Pdf version here: link.

A question by Ben Krause, whom I met here at the Hausdorff Institute, made me think back of one of the earliest posts of this blog. The question is essentially how to make sense of the fact that the (perhaps iterated) convolution of a (singular) measure with itself is in general smoother than the measure you started with, in a variety of settings. It’s interesting to me because in this phase of my PhD experience I’m constantly trying to build up a good intuition and learn how to use heuristics effectively.

So, let’s take a measure on with compact support (assume inside the unit ball wlog). We ask what we can say about , or higher iterates and more often^{1} about . In particular, we’re interested in the case where is singular, i.e. its support has zero Lebesgue measure.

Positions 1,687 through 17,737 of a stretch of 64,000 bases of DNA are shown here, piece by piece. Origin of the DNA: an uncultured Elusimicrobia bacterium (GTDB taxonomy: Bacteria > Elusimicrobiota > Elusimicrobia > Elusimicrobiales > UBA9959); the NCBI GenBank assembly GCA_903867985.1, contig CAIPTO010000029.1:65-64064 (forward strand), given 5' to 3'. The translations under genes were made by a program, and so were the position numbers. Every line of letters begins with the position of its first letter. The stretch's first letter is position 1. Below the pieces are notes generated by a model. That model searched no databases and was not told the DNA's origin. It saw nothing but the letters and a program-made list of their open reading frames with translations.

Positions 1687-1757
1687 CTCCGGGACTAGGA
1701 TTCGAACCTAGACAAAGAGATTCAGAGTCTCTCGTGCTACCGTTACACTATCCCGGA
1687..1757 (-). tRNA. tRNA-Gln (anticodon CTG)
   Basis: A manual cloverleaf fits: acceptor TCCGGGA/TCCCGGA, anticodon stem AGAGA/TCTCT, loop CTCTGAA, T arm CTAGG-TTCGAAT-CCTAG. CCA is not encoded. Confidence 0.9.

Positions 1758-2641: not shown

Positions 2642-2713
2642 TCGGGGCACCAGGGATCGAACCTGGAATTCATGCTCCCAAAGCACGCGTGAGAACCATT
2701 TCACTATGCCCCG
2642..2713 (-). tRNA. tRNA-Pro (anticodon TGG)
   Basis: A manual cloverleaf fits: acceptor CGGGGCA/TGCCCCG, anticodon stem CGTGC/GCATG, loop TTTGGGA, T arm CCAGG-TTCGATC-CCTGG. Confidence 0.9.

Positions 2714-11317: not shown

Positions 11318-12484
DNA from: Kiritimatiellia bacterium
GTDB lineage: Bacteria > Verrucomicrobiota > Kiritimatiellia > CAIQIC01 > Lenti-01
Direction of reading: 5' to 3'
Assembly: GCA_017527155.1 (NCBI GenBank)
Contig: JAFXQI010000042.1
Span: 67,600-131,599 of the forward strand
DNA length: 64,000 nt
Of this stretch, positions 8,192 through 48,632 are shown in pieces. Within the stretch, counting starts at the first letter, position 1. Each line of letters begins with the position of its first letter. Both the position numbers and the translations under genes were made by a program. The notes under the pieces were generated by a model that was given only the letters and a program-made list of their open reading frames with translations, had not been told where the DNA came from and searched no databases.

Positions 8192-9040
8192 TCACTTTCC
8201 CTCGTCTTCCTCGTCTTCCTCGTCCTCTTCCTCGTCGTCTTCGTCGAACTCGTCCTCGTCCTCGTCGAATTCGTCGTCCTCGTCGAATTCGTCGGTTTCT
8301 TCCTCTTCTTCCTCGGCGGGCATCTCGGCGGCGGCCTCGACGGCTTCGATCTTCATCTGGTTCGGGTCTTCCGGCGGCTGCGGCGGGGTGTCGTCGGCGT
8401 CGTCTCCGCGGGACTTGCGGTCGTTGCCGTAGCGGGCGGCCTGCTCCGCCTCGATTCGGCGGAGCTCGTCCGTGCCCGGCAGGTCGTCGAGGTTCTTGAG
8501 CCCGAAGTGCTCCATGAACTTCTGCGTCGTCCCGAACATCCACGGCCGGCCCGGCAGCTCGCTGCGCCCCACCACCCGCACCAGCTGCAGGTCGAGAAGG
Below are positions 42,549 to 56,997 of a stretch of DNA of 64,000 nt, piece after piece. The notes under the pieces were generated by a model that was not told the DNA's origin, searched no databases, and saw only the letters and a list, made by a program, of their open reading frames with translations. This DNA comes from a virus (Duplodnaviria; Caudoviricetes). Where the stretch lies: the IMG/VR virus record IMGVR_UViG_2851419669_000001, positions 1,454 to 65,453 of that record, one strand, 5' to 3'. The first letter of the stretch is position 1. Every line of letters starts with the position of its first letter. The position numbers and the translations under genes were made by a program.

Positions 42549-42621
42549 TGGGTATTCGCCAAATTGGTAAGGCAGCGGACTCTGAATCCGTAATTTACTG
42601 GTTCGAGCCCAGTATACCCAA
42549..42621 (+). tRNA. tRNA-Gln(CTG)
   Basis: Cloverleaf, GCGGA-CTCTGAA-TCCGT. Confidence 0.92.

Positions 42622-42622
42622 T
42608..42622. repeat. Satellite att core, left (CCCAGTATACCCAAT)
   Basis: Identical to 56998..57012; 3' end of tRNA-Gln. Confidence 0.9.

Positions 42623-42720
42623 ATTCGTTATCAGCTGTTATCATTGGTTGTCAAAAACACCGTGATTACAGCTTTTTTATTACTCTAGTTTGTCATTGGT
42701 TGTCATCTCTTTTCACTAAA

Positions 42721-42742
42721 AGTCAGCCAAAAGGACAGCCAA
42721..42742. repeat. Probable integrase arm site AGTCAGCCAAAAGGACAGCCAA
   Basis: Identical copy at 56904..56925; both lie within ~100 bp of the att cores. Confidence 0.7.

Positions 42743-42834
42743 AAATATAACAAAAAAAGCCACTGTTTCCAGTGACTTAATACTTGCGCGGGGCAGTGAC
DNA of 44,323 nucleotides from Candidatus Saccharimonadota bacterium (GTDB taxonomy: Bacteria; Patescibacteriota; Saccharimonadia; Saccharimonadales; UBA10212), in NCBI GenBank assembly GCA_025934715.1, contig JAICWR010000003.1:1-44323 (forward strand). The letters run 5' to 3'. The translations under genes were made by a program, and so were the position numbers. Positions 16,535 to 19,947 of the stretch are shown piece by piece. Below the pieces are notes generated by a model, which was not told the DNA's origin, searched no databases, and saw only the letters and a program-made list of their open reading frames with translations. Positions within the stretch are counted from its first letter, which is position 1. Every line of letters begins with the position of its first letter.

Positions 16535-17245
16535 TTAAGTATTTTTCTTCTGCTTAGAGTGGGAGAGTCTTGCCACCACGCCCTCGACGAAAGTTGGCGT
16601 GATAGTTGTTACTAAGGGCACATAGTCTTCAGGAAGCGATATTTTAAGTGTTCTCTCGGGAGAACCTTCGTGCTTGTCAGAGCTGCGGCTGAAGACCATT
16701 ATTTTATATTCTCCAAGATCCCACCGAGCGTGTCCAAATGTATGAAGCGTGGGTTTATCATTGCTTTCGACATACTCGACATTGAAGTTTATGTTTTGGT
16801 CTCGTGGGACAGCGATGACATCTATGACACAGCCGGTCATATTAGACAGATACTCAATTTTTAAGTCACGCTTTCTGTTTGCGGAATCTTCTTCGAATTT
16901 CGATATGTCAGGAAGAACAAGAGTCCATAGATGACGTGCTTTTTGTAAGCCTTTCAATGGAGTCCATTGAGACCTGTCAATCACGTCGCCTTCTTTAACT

Before starting though, I would like to give a little motivation as to why such convolutions are interesting. Consider the model case where you have an operator defined by where are some singular measures and . One asks whether the operator is bounded on , and the natural tool to use is Cotlar-Stein lemma, or almost-orthogonality (from which this blog takes its name). Then we need to verify that

and same for . But what is ? It’s simply

i.e. another convolution operator. Estimates on the convolution^{2} are likely to help estimate the norm of then. But if this measure is not smooth enough, one can go forward, and since

one sees that estimates on are likely to help, and so on, until a sufficient number of iterations gives a sufficiently smooth measure. This isn’t quite the iteration of a measure with itself, but in many cases one has an operator which then splits into the above sum by a spatial or frequency cutoff at dyadic scales. Then it becomes a matter of rescaling and the case can be reduced to that of and further reduced to that of by exploiting an iterate of the above norm inequality, namely that

Another possibility is to write and consider working with instead, to obtain results in term of . I will say more in the end, here I just wanted to show that they arise as natural objects.